In effect, the Holy Office was saying that it is by the very coming together with those who reject the Faith and joining one’s prayer and worship to them that one is participating in worship which is done by those who reject the Catholic Church. To participate with those who reject the faith is therefore forbidden.

With any protestant Christian community, there are errors pertaining to matters of the Faith, and the Holy Office stated that participation in worship is forbidden for the following reasons.

First, there is a danger of perversion of the Catholic Faith, i.e. there is a danger of the loss of Catholic Faith. This indicates the implicit obligation to protect one’s faith.

Second, there is the very danger of participating in a separated rite, for the above mentioned reasons, i.e. the very participation manifests a sign of disunity from the Church by being united in worship with those not united to the Church.

Third, participation in non-Catholic worship is a danger and occasion of scandal. By scandal, we presume the Holy Office meant that participation in such worship can affect the Faith of others who see Catholics involved in such worship.

Finally, by participating in their worship, one confirms in their error separated Christians who are not in unity with the Church.

This prohibition is not presented by these theologians as an ecclesiastical ban. It is not the law of the Church which is traditionally understood to exclude Catholics from taking part in non-Catholic services; it is the divine law, which requires that outward acts of worship be expressive of inward faith. The mere act of sharing the worship of a non-Catholic group, according to the teaching of the theologians cited above, implies a community of religion with that group, and hence constitutes a sin against the faith. This explains why, as Pius XI recalled in the 1928 encyclical Mortalium Animos, ‘[the] Apostolic See has never allowed its subjects to take part in the assemblies of non-Catholics.’

The Second Vatican Council gave its endorsement to work for the unity of Christians in the Decree Unitatis Redintegratio, stating:

In certain circumstances, such as prayers ‘for unity’ and during ecumenical gatherings, it is allowable, indeed desirable that Catholics should join in prayer with their separated brethren.

Does this statement contradict the traditional teaching on communicaio in sacris which has just been outlined? No, for it is not stated that this common prayer must involve Catholics taking part in any prayers others than ones authorised by the Catholic Church and led by her sacred ministers.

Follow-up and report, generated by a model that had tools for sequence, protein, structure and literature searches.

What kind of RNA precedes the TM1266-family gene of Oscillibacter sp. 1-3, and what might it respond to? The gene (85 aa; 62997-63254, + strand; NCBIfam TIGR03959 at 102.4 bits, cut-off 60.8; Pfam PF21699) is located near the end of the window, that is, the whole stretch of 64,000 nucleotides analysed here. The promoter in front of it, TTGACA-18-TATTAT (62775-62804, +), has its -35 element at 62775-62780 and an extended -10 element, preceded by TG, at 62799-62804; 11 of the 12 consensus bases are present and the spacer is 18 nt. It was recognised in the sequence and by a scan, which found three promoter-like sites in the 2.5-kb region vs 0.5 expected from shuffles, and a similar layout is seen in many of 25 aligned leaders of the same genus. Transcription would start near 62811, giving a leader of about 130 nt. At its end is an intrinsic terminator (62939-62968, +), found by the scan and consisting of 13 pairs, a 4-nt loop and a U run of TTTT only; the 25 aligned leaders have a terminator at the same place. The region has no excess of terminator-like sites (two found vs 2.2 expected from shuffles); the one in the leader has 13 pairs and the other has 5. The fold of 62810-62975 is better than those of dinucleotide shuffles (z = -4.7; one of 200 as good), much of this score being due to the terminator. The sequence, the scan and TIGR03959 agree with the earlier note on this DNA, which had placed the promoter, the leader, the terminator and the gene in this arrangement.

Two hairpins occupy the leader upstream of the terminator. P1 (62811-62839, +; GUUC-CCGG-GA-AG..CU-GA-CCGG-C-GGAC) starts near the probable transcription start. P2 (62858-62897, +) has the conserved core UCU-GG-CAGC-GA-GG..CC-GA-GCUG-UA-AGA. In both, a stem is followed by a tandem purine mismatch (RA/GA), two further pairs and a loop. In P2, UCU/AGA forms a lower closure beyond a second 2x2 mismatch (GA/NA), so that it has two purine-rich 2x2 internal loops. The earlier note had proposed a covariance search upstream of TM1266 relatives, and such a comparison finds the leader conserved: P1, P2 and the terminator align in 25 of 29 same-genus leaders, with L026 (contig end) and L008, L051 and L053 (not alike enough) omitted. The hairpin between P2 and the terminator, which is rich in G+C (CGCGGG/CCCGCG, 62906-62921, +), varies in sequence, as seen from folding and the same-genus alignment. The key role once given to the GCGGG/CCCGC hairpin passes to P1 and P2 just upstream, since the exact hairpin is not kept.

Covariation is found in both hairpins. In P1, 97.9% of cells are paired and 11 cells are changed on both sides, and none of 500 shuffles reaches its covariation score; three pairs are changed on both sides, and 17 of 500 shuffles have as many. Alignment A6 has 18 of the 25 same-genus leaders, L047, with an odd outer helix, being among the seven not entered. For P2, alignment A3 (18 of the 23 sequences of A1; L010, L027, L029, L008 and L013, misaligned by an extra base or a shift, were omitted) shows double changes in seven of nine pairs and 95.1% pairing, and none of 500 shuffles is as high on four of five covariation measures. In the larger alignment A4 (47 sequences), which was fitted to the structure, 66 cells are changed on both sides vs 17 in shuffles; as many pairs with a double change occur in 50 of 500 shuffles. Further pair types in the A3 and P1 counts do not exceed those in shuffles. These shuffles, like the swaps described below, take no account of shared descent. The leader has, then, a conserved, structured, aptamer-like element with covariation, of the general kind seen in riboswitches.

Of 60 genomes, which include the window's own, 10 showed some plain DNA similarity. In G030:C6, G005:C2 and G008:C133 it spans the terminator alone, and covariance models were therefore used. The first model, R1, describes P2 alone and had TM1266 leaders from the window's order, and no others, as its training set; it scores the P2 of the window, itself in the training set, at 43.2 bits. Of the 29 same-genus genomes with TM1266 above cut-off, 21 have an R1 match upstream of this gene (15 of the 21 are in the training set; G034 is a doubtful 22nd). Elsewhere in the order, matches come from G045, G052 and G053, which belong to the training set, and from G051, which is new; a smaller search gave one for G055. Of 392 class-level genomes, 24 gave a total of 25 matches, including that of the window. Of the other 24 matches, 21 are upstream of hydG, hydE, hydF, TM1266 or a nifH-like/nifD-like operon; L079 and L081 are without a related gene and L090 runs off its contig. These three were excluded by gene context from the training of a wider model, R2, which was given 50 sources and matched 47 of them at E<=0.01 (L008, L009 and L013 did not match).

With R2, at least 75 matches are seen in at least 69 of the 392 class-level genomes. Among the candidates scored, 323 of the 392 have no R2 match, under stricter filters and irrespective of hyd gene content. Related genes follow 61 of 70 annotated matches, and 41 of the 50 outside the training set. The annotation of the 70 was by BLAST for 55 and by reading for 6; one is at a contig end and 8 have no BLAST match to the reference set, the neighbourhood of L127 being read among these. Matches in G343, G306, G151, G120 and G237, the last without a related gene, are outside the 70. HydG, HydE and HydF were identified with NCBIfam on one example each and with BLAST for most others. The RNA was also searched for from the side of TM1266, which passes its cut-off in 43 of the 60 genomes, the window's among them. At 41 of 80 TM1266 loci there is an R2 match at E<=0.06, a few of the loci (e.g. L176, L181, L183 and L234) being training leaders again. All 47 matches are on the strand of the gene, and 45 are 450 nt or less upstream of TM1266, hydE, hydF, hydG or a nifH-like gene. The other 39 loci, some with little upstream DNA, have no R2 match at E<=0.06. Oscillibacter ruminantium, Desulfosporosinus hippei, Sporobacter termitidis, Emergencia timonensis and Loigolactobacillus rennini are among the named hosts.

These considerations seem to show that the text of Unitatis Redintegratio contains nothing which contradicts the traditional teaching of theologians on communicatio in sacris.

You are already tasting some of the bitterness coming from this custom of worship with separated communities. While these practices may be directed by the Church under certain contexts, it may not be a good idea to just go and attend their services on your own. You may be moved by good reasons, but the consequences may be serious, spiritually speaking. I would also discuss this under spiritual direction, to see why your soul is longing for this. Perhaps instead of placing your faith at risk, you should be discerning whether the Lord calls you to cooperate in legitimate ecumenical efforts of the Church.

I will agree that most that I know are not as educated in their faith as many of you folks who are here on CAF. Its not their fault, its like any other faith …they just learn it growing up perhaps, and never dig deeper including Catholics.

I enjoy the debates & posts here on CAF especially with those Protestants such as you. After all, that is the purpose right!? :slight_smile:

All of them with one exception :smiley:

Please take a look at resources easily available at your fingertips. On YouTube, watch Fr. Larry Richards, Patrick Madrid, Tim Staples, etc. You a;ready believe your faith, now come to KNOW it!

Our Protestant friends, and they do resent us saying it, have 60% - 99% of the truth. It’s the balance that causes the problems and trouble. When Jesus said that he would be with us always, that also means that the truth is in His Church. To me, this Church, with all of it’s sinners, is found only in the Catholic Church.

I am not a protester because I wasn’t there.

Reminds me of an older customer, years ago, who came to my register after I cashed out a young women of apparent Asian heritage, and about 17 years of age. When she walked away, the man stepped up and let out a racial slur and blamed her, not her family, not her ancestors, but this young girl for WWII.
She wasn’t there, either.

It’s not entirely fair to say that “Protestants” do not pray to the Trinity or in the Name of the Trinity. Lutherans have begun all their services “Im Namen des Vaters und des Sohnes und des Heiligen Geistes” since 1525. Anglicans have made use of that formula for many centuries as well - especially in their baptismal service.

Anyway, the last verse of 2 Corinthians may help:

Chapter 13, Verse 14:

“The grace of the Lord Jesus Christ and the love of God and the fellowship of the Holy Spirit be with you all.”

This is Trinitarian. The Mass uses this formula often when the priest greets the people at the very beginning.

We ought to pray in Jesus’ name, for it is the name of Salvation - the name which God has placed above every other name, forever. We need not think God is limited to Jesus, however. We can talk to the Holy Spirit and to Jesus Himself, for both persons are God with the Father. Amen.

IMO you should avoid situations that upset you like that. It would not be a sin to avoid persons like that.

Actually, we usually pray to the Father in the name of Jesus. Of course, we pray in the power of the Spirit. :smiley:

But, I recently read a Pentecostal theology book on the Holy Spirit and it covered this issue. Basically, there is nothing wrong with praying to the Holy Spirit, and often in the music we sing the Holy Spirit is being prayed to: "Holy Spirit rain down . . . "

However, I have read material by Fundamentalist Baptists who criticize people who pray to the Holy Spirit, so there are people who don’t like it.